She's all tousled, streaky blonde hair, tanned protruding clavicle, and smeared-to-perfection black eyeliner. (The brand? Prestige. I bought it on her recommendation. On me it just smears.)

She pairs cheap Forever 21 lace leotards and filthy Topshop ballet flats with Balenciaga totes tagged with graffiti, making the luxury piece I want so badly to own look all kinds of haggard. 

But I think that stylish dichotomy is the point.

She is a shaken and stirred mix of the lowest-of-the-gutter lowbrow but she also teeters off the tippy top of the highbrow, at least as far as her talent goes. Her prose jumps off the page and punches you in the face so after you read it, you'll have a bloody nose like she does -- but yours will be metaphorical and it won't come from snorting coke into the sleazy dawn at an after-hours on the rooftop of a hotel where you can see the sparkling skyline and the dead of the night.

Unlike her, you'll be able to function tomorrow.

Cat Marnell is a writer, and she's infuriating and brilliant and careless and compelling. She's an often-unrepentant addict, yet she harnesses her addiction to, at times, craft pieces that crackle like the synopses in her brain as it's being systematically demolished by speed. 

I'm kind of addicted to her.

I never read the website xoJane where Cat hilariously and subversively served as a Health and Beauty editor until after she left her post. I hadn't read the pieces she posted about the conditioner she used while locked away in a mental institution or the ways she ingested Plan B like I swallow Tylenol PM. I only heard of her after she left her job in the most stellar of style, proclaiming that she'd rather spend nights smoking angel dust than hunched over a computer, meeting deadlines. She was written up breathlessly in New York Magazine, and I read an article about this gorgeous derelict with a sneer on my face.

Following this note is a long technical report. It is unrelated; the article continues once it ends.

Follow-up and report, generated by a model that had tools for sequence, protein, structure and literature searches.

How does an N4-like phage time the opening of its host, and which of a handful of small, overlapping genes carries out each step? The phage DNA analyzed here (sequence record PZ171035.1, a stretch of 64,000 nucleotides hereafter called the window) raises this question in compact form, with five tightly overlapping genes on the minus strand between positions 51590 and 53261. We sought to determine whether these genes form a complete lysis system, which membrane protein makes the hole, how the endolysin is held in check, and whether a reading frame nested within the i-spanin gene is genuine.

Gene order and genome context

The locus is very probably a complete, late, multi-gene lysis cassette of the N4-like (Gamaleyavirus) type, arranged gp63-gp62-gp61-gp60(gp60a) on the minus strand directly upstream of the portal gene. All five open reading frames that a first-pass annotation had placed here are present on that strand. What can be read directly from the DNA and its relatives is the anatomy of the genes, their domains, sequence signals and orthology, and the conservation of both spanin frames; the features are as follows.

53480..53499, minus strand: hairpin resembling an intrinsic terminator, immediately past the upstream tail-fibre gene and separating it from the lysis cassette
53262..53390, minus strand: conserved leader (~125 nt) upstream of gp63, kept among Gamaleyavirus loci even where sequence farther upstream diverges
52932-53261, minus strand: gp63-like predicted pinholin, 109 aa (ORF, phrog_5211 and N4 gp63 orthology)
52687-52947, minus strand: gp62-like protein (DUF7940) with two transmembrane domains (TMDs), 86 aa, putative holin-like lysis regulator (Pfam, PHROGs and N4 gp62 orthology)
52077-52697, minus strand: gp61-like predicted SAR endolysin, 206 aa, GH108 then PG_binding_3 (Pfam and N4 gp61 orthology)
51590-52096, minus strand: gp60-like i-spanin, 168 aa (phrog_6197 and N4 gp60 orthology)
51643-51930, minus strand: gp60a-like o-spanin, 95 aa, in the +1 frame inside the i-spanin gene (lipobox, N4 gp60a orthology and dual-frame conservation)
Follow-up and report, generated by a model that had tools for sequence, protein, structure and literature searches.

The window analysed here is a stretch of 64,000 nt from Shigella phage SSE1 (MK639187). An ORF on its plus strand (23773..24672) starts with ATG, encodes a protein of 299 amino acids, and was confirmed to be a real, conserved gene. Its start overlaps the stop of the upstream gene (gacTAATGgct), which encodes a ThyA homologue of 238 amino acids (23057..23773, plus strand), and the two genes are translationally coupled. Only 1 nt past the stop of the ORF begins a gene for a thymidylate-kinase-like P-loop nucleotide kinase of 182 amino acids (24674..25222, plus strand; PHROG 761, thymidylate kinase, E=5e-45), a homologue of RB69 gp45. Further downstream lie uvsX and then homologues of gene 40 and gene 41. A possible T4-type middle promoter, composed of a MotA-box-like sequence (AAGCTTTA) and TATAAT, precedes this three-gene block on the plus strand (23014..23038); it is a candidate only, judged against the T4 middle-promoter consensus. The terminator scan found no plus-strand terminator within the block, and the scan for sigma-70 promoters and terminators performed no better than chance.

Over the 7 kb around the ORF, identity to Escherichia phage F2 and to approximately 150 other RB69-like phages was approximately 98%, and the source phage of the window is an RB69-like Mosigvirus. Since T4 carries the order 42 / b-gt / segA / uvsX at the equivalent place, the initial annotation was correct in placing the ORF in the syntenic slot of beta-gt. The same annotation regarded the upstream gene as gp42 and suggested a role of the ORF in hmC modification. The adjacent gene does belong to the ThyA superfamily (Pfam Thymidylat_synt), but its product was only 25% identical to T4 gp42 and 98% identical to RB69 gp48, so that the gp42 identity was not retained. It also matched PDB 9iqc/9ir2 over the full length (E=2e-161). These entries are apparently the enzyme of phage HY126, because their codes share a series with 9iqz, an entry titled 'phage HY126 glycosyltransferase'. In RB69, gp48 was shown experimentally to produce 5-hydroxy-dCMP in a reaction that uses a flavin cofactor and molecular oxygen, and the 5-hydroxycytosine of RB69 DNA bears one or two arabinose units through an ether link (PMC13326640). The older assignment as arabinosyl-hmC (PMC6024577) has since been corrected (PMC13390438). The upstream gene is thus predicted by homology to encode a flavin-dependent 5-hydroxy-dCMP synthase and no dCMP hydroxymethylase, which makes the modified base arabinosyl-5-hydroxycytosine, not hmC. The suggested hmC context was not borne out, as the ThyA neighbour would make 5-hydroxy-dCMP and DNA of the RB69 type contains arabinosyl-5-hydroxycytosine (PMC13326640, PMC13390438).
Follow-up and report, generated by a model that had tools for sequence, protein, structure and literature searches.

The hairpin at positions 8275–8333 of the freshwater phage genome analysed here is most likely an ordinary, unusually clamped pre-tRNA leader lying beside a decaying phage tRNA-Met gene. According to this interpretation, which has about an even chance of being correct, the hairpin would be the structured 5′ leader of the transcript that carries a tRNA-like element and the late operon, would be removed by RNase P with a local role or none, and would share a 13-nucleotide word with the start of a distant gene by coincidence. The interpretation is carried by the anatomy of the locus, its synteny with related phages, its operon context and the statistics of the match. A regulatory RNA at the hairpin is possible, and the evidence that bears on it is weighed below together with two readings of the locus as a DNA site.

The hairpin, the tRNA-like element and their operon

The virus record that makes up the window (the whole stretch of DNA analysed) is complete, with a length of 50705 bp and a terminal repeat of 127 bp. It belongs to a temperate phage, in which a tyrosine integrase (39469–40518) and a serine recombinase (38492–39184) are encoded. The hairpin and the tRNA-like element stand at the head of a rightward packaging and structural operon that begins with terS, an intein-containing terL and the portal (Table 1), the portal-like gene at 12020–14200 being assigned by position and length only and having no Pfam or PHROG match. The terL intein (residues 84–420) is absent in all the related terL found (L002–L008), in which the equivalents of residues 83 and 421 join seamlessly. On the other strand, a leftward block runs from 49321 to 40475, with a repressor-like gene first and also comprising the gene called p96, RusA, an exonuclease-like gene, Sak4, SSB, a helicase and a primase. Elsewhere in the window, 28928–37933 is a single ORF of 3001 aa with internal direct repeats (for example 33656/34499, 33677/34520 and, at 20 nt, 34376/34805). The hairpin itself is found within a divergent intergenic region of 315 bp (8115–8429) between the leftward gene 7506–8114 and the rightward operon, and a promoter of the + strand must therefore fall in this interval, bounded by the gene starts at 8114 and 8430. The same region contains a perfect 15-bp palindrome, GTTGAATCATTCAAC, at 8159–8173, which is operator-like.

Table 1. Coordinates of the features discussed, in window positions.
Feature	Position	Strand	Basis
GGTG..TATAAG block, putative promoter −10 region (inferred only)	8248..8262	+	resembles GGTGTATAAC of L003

See, I'm not a big fan of watching fortunate and intelligent people destroy themselves, and make no mistake: Cat Marnell is both fortunate and intelligent. 

But she's hard not to watch. 

Despite myself, I root for her.

The comments she gave during her interview with New York Magazine struck me as purposely incendiary, but there seemed to be a real person behind the tarnished, glossy persona. I got the sense that maintaining the image she had created was probably exhausting. 

I began to read her Amphetamine Logic column for Vice. With titles like Coke Sex for Teen Sluts and Dawn of the Dustheads, it was hard not to be drawn in. She would write in the nonlinear style that I like to write in too, so the action bounces in the present until the reader is thrown way back into the past before eventually springing the narrative back to the now. Being tossed around through time like that is almost whiplash-inducing, but it's effective as hell. The verbal portraits she created were disjointed, but, when you're inherently lost, life never feels cohesive or organized. Her style is exactly right for grabbing the reader and sending her blindfolded on the hazy journeys she seems to dare you to take with her.

She'd take PCP for nourishment on the way. I'd bring a nonfat latte and gummy bears. 

She's gotten remarkable attention; her every public misstep is recorded by the press. And it's those missteps, that choice she continually makes to relinquish a non-chemical talent or sanity, that has made her famous. She has a book deal. Being glazed while still being glamorous has become the thing that will make her rich. But it's also completely clear that she might never be happy.